Roman Mars:
You know Bally’s Casino? They used to be in the pinball business and they took their name from their first hit pinball machine manufactured in 1932 called Ballyhoo.

Pinball 2000 Promo:
“Welcome to the 21st century.”

Roman Mars:
In 1999, pinball tried to make a comeback with a game that integrated a video screen on the back glass with a mechanical playfield.

Pinball 2000 Promo:
“Welcome to Pinball 2000. Welcome to the new image in pinball. Welcome to the 21st century.”

Roman Mars:
That was a promo video for Pinball 2000. Despite the reverb and the menacing ticking clock and the mountains of hyperbole heaped upon the promotion of the game, it never really caught on.

Mickey Capper:
Which is probably because if pinball still has any appeal, it’s actually the vintage analog nostalgia feelings it brings up in people. We like it because it’s not the future. It’s the past.

Roman Mars:
Back in the Pacific Pinball Museum, Mike Schiess thinks pinball is making a bit of a comeback and it’s because people are longing to get away from screens and from games that they play at home alone.

Michael Schiess:
So with pinball, you can kind of gather around and watch your friends suck. And that’s the other thing that’s really cool is that anybody can suck at pinball. I mean it’s a great equalizer. You don’t have to be smart. You don’t have to be physically an athlete.

Mickey Capper:
I think what he means is that anybody can suck and anybody can be great. It’s a nerd’s game, a rebel’s game, an underdog’s game. One of the best pinball players in the US right now is a young guy with autism who can memorize the geometric patterns that the ball makes on the playfield.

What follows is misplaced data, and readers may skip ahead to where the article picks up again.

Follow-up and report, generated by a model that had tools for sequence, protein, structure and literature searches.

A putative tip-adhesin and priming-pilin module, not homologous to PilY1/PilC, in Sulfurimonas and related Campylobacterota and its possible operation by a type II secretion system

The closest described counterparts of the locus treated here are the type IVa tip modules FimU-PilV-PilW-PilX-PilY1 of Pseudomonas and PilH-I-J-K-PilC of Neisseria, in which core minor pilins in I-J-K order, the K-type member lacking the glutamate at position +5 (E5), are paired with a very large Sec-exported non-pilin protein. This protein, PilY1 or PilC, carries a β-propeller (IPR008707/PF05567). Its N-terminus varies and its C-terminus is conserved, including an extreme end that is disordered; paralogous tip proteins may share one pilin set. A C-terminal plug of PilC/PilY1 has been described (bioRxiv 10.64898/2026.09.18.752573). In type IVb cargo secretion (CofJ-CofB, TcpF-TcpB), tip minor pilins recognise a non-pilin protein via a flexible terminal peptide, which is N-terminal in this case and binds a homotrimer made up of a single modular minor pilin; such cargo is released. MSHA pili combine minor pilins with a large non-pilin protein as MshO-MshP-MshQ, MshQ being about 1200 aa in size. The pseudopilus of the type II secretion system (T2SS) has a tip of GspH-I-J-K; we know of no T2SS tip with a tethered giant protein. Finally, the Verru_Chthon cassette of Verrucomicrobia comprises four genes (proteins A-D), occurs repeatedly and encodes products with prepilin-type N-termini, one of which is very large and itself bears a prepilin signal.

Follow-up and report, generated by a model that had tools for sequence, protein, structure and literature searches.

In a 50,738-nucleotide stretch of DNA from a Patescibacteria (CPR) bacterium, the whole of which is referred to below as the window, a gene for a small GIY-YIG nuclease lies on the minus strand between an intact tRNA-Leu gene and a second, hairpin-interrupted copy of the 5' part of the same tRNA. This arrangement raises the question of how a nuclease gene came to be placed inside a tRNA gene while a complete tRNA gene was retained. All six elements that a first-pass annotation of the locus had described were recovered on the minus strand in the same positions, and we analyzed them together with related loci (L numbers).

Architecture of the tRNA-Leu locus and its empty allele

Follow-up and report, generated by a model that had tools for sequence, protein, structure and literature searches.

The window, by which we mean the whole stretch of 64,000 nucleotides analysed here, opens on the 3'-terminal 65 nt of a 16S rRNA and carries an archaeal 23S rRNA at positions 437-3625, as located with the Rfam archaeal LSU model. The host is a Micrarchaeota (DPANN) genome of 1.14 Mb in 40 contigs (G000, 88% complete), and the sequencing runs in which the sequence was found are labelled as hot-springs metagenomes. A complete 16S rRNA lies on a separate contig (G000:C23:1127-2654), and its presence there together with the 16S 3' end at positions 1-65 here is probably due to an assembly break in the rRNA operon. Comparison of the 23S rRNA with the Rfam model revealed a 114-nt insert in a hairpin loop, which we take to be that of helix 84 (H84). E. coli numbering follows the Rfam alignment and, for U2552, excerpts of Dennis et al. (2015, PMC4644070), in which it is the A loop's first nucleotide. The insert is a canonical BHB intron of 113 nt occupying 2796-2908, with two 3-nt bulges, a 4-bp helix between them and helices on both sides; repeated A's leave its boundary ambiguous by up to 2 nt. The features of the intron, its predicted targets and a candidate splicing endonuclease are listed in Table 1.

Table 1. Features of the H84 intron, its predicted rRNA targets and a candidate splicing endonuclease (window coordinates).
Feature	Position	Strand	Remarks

Roman Mars:
And then, of course, there’s that deaf, dumb and blind kid I heard about once. Never saw him play, but I heard he wasn’t really good.

Roman Mars:
99% Invisible was produced this week by Mickey Capper and Katie Mingle with Sam Greenspan, Avery Truffleman and me, Roman Mars. Mickey did another piece about pinball and its roots in Chicago for a program I love called ‘Curious City’. It’s not really just a show. It’s this news-gathering experiment based at the WBEZ where people submit questions about Chicago and Curious City investigates and imports it. It’s genius. We’ll have a link on our website.

Credits

Production

For this story, reporter Mickey Capper spoke with pinball wizard Roger Sharpe, and Pacific Pinball Museum director Michael Schiess. He also sat through an Oakland City Council meeting.

This piece was inspired by Mickey’s piece on pinball for WBEZ’s Curious City — check it out! There’s a ton more cool stuff to learn about pinball in his original story.

Music

“Catch as Catch Can” — Glue
“Milieu” — Beats Antique
“Knight Moves” — Chilly Gonzales
“The Wizard” — The Who

  1. Betty Gay

    Thank you for this story! My grandmother, who grew up in Oakland, forbade my mother and uncles from playing pinball because she said it was “like gambling.” And in turn, my mother forbade my brother and I from playing these games as well. Now it all makes sense!

  2. I was listening to the Freakonomics podcast and they created a gameshow where participants share a interesting fact, and the participant basically shared this episode. Since I listen to a lot of podcasts, I thought I had heard the account of the illegal pinball machines on an earlier freakonomics episode. I wondered why they did not acknowledge that they had heard it already, then I remembered that I had heard it here. Good scoop!

  3. Donner Dan

    That song by The Who is “Pinball Wizard”, not merely “The Wizard”. (That’s a song by Black Sabbath!)